Article

Expression profiling of the schizont and trophozoite stages of Plasmodium falciparum with a long-oligonucleotide microarray

Department of Biochemistry and Biophysics, University of California San Francisco, 513 Parnassus Ave, San Francisco, CA 94143-0448, USA.
Genome biology (Impact Factor: 10.47). 02/2003; 4(2):R9. DOI: 10.1186/gb-2003-4-2-r9
Source: PubMed

ABSTRACT The worldwide persistence of drug-resistant Plasmodium falciparum, the most lethal variety of human malaria, is a global health concern. The P. falciparum sequencing project has brought new opportunities for identifying molecular targets for antimalarial drug and vaccine development.
We developed a software package, ArrayOligoSelector, to design an open reading frame (ORF)-specific DNA microarray using the publicly available P. falciparum genome sequence. Each gene was represented by one or more long 70 mer oligonucleotides selected on the basis of uniqueness within the genome, exclusion of low-complexity sequence, balanced base composition and proximity to the 3' end. A first-generation microarray representing approximately 6,000 ORFs of the P. falciparum genome was constructed. Array performance was evaluated through the use of control oligonucleotide sets with increasing levels of introduced mutations, as well as traditional northern blotting. Using this array, we extensively characterized the gene-expression profile of the intraerythrocytic trophozoite and schizont stages of P. falciparum. The results revealed extensive transcriptional regulation of genes specialized for processes specific to these two stages.
DNA microarrays based on long oligonucleotides are powerful tools for the functional annotation and exploration of the P. falciparum genome. Expression profiling of trophozoites and schizonts revealed genes associated with stage-specific processes and may serve as the basis for future drug targets and vaccine development.

Full-text

Available from: Fred E Cohen, May 30, 2015
0 Followers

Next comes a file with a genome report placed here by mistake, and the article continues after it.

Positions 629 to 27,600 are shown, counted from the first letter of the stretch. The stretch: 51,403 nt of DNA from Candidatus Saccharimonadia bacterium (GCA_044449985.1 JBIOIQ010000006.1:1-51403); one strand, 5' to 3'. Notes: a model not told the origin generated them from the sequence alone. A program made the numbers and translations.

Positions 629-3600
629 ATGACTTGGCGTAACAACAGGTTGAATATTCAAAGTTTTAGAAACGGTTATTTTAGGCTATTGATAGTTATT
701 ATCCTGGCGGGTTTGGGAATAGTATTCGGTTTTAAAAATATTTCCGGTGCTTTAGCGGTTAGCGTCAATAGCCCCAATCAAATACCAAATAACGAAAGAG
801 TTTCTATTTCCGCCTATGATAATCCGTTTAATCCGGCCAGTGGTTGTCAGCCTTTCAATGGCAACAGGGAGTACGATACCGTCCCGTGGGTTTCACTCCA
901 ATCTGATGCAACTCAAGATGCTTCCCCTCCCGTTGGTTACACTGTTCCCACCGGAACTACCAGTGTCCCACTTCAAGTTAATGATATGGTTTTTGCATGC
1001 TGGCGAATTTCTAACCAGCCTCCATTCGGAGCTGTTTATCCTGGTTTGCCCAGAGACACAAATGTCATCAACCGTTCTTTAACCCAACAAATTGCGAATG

· 
115 Views
  • Source
    [Show abstract] [Hide abstract]
    ABSTRACT: Abstract The goal of the present research was to identify the genes that are differentially expressed between two lineages of Pacific white shrimp Litopenaeus vannamei displaying different susceptibilities to Taura syndrome virus (TSV) and to understand the molecular pathways involved in resistance to the disease. An oligonucleotide microarray was constructed and used to identify several genes that were differentially expressed in the two L. vannamei lineages following infection with TSV. Individual L. vannamei from either resistant or susceptible lineages were exposed via injection to TSV. Individuals were removed at 6 and 24 h postinfection, and gene expression was assessed with the in-house microarray. The microarray data resulted in the selection of a set of 397 genes that were altered by TSV exposure between the different lineages. Significantly differentially expressed genes were subjected to hierarchical clustering and revealed a lineage-dependent clustering at 24 h postinoculation, but not at 6 h postinoculation. Discriminant analysis resulted in the identification of a set of 11 genes that were able to correctly classify Pacific white shrimp as resistant or susceptible based on gene expression data. Received June 21, 2013; accepted October 24, 2013.
    Journal of Aquatic Animal Health 09/2014; 26(3):137-143. DOI:10.1080/08997659.2013.860058 · 0.97 Impact Factor
  • Source
  • Source
    [Show abstract] [Hide abstract]
    ABSTRACT: 1 Abstract. The binding of transcriptional regulators to DNA can induce or repress gene expression in a cell-specific manner in different physiological conditions. To help understand this mechanism on a genome-wide scale, we developed a series of microarrays for chromatin immunoprecipitation (ChIP chips) for human and mouse. To assay DNA binding that occurs near to transcriptional start sites (TSSs), we first created gene-centric ChIP chips to reflect activity in transcriptional units' proximal promoters. To select TSS data of high confidence for human and mouse, we merged mapping data from at least three gene sets (such as RefSeq, Ensembl, and MGC), selecting TSSs (n = 18k for human; 16k for mouse) consistent across at least two databases. Promoters (-8 kb to +2 kb relative to the TSS) were extracted from the genome after processing with RepeatMasker 1 . To assay transcriptional regulators, including those that bind far from known transcriptional units, we also designed a much larger chipset based on the entire RepeatMasked genome. These genome-scale oligonucleotide ChIP chips required the selection of sequences that can optimally represent a region of the genome of at least 300 nt. To help minimize false positive signals, representative probes were designed close enough that adjacent probes could measure any binding event. On the other hand, probes were selected far enough apart so a minimal number could represent large regions or all of the genome. Finally, to ensure that we could identify binding events near the edge of repetitive genomic regions, we selected probes near the distal ends of each non-repetitive region. 2 Results.